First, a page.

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C-art in k-drama: how popular Korean TV series showcase contemporary art

A Korean cultural tsunami is sweeping the world: luxury chooses Korean actors as the faces of its advertising campaigns, the FIFA World Cup is opened by a Korean singer, and tiktokers go crazy repeating the ultra-complicated choreography of kpop idols. Ratings for Korean TV series like the famous “Squid Game” are breaking all records, and Korean movies like “Parasites” are picking up a bucketful of Oscars and Palms at a time. Of course, contemporary art, important as a trend, a discourse and a special sphere of society, could not fail to be among the topics raised in them. So how does the image of contemporary art translate to the multi-million audience of Korean TV series?

In 2021, the Netflix series “Nevertheless”, an adaptation of the popular webtoon (note: web comics) about the life of aspiring artists in and outside the Seoul Art Academy, was released and became a hit on the Netflix platform.
The protagonist Nabi, who has come to the exhibition of her teacher and lover, is not at all flattered to be his muse – she, as well as other visitors, is shocked by the explicit sculpture “A beautiful view of Nabi’s lover from behind”. Driven into an abusive relationship, she struggles to survive such “fame,” her partner’s manipulations and cheating. Problems haunt the heroine in her creative life as well: in her current psycho-emotional state, there is no way she can finish her graduation project, idly sitting in front of a draft in the evenings.
“It’s not true that art comes from loneliness: the best way to create art is to be inspired by relationships,” comes the admonition of one of the academy’s professors, and Nabi meets a charming and talented playboy, with whom she gradually finds love and inspiration in plot twists.
During 8 episodes viewers are shown a colorful kaleidoscope of student life of future painters and sculptors: costume festivals, drinking in bars after classes and everyday work, smoke breaks and deep conversations about art – I’m sure all this is close not only to Korean creators.
“Nevertheless” is interesting not only for its twisted plot lines and references to masterpieces of world painting, but also for the specifics of teaching at a Korean art university. As in many other art institutions, the emphasis in teaching at the Seoul Art Academy is placed on personal mastery and mastery of manual labor techniques (which is particularly characteristic of the Asian system of art education). Prospective artists here are taught to pursue the perfect tone of paint and the perfect form, rather than thinking through concept statements or writing a CV.

Another series, Her Private Life (2019), gives a glimpse into the inner workings of a contemporary Korean gallery.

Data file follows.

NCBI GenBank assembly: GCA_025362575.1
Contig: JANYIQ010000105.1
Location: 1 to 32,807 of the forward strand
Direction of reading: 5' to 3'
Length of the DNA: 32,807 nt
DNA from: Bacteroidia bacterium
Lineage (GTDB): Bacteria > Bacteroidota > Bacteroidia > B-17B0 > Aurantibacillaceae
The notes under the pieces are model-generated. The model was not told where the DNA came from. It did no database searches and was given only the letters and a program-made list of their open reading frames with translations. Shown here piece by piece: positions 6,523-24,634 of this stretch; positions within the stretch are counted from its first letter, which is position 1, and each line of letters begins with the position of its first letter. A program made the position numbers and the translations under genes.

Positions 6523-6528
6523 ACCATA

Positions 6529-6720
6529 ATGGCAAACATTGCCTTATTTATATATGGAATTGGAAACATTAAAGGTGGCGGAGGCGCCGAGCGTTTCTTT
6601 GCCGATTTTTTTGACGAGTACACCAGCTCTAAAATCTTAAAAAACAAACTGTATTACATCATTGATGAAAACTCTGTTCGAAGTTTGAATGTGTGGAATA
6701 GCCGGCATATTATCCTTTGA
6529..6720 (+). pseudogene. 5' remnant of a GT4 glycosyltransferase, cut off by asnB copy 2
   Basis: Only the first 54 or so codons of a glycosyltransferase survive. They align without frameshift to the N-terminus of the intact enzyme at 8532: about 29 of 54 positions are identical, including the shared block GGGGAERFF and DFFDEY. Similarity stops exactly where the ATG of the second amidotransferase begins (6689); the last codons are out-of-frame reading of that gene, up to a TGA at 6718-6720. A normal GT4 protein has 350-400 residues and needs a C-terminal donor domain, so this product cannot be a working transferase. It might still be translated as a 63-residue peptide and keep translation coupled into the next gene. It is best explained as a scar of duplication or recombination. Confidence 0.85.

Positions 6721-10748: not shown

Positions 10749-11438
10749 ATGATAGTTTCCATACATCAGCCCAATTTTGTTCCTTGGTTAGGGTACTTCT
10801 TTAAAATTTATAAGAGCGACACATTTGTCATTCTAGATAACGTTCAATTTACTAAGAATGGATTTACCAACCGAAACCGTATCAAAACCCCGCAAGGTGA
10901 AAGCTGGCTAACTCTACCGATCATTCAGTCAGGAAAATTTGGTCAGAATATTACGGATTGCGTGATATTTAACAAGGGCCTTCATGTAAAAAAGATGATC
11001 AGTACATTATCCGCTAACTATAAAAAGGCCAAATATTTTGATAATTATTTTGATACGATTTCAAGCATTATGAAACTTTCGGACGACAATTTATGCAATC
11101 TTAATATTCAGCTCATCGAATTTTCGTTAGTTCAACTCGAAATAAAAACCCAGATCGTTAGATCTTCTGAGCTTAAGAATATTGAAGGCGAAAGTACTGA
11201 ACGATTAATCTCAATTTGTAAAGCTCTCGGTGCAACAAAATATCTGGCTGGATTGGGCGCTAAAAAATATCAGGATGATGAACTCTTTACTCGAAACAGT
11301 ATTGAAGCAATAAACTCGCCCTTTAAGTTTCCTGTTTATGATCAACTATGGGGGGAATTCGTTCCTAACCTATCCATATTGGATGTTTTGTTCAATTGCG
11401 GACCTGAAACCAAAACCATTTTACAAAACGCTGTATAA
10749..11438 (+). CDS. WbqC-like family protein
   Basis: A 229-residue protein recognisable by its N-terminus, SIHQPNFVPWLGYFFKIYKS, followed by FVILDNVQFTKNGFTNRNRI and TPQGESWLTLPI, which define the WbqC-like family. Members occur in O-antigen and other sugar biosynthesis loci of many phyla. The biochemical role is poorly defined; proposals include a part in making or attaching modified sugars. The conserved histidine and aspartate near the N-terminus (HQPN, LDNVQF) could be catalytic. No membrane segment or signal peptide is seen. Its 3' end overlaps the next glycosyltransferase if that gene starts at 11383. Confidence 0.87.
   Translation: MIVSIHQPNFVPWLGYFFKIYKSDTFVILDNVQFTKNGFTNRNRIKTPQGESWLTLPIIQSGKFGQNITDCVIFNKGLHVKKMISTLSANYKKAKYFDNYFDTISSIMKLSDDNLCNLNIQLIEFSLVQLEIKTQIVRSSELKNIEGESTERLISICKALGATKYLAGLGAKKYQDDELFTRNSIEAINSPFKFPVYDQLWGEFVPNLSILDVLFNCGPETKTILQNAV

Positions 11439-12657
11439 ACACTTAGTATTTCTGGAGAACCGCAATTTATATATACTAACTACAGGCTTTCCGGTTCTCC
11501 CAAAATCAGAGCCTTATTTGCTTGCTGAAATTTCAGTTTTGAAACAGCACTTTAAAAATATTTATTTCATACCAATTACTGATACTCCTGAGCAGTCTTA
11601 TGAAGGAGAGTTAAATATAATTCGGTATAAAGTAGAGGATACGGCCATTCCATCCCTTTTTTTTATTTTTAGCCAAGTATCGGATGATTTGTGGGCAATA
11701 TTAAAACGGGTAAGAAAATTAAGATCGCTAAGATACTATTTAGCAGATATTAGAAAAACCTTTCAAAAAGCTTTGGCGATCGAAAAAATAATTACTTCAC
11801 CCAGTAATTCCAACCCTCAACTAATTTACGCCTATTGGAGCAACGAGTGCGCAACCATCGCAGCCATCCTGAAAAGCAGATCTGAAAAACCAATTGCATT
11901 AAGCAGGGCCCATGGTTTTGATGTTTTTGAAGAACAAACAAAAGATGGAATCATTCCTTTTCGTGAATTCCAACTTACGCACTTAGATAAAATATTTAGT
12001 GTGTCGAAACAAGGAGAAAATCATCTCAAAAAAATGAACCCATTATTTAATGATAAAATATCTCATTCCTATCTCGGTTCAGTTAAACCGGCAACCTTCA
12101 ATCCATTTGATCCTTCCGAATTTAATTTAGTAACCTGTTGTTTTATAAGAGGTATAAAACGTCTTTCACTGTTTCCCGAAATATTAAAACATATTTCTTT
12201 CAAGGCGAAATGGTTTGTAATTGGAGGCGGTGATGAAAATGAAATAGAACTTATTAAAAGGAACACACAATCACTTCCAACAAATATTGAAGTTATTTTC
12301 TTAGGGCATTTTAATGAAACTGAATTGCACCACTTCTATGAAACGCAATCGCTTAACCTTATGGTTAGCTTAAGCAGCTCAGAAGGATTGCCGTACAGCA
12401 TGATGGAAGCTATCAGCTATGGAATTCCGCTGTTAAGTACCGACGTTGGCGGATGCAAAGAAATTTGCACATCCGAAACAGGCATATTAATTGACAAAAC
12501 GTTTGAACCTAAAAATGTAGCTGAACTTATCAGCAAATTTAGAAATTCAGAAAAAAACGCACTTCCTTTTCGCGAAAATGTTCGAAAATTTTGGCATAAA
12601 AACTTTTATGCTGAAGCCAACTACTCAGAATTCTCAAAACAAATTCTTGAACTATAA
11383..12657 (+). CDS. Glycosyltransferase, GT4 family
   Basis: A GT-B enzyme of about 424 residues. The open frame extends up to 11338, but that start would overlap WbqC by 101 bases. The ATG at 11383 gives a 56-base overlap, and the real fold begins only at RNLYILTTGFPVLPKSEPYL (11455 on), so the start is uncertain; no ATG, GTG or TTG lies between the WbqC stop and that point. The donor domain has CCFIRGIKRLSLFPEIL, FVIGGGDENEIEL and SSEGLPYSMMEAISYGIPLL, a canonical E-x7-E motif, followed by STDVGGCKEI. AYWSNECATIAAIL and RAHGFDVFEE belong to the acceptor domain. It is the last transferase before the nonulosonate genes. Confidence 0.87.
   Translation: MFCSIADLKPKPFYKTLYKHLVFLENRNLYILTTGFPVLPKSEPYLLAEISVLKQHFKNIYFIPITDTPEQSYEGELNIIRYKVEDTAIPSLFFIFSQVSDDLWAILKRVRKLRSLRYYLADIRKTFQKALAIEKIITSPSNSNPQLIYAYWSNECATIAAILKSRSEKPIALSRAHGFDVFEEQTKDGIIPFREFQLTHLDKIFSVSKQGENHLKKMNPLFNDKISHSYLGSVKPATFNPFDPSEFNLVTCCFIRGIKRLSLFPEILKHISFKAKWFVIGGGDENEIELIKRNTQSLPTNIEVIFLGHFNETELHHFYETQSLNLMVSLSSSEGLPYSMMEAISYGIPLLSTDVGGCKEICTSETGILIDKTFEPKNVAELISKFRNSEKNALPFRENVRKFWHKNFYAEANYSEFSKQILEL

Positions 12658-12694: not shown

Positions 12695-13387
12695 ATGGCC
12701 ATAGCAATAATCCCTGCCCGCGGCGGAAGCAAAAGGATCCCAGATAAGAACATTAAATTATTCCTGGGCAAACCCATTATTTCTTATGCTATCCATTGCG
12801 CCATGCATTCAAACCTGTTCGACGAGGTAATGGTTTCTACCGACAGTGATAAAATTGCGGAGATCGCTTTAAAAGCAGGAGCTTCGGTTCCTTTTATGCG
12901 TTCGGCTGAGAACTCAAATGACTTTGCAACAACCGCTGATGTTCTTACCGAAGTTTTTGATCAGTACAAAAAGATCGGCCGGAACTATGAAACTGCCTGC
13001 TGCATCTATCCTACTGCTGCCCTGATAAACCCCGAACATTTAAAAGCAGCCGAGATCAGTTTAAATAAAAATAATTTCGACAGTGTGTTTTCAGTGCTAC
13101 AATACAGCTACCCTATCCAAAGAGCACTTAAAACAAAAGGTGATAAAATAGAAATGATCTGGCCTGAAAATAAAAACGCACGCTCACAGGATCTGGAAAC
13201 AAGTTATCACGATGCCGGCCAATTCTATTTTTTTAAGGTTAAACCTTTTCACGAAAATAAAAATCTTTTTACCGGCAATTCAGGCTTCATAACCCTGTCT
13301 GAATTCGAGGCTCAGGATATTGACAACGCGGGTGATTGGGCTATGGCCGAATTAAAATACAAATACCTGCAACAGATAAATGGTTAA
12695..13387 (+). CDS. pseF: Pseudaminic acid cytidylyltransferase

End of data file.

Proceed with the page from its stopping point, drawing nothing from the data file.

The main character Sung Dokmi works as a curator at the private museum CHEUM, which is prototypically based on the real-life Seoul Olympic Museum of Art (SOMA).
Already in the first episode the viewer gets acquainted with the long list of Dokmi’s duties as a curator: opening and moderating the exhibition, preparing the logistics of the project and printed materials, and most importantly – solving any critical force majeure on the eve of the exhibition.
During transportation the paintings are delayed – and Dokmi and her assistants are in emergency mode until late at night repainting the walls, changing the architecture of the exhibition and hanging the paintings. At the same time she, like many in this field, remains a kind of “invisible cinderella” for the media and collectors.
The plot conflict comes to a head when Dokmi doesn’t get the promotion she deserves, and one day she discovers a curator invited from America in the coveted position. Ryan Gold is the complete opposite of the protagonist: a renowned curator from the Mono Art gallery (a reference to MoMA, New York’s Museum of Modern Art) who, with a word of his own, decides the fate of young artists.

The series very accurately captures one of the main tendencies in the post-colonial art business – to appoint foreign curators with “regalia”, albeit completely detached from the local context, to leading positions.
However, in addition to the multilevel conflict “SOMA vs MoMA”, the series reveals many nuances that are interesting not only to the general public, but also to novice curators: how not to destroy relationships when an artist is rejected, how to bargain at an auction, and even how to fight for compensation because of a returned defective painting.
It is no less interesting to observe the working “curatorial” everyday life, passing in attempts to find a balance between the far from beautiful gallery owner and the new ambitious and progressive foreign director of the gallery. As we know, curators often have to act as psychologists and even diplomats in battles between sponsors, artists and institutions.

Contemporary art as a phenomenon and a thing in itself, of course, is understudied neither in academic circles nor even in the art world itself, and a meta-language to describe it is just being formed – but the more important thing is that contemporary art is increasingly being chosen as a setting and even a theme in such extremely popular media formats, becoming closer and clearer to millions of people as a result.

text: Victoria Chevik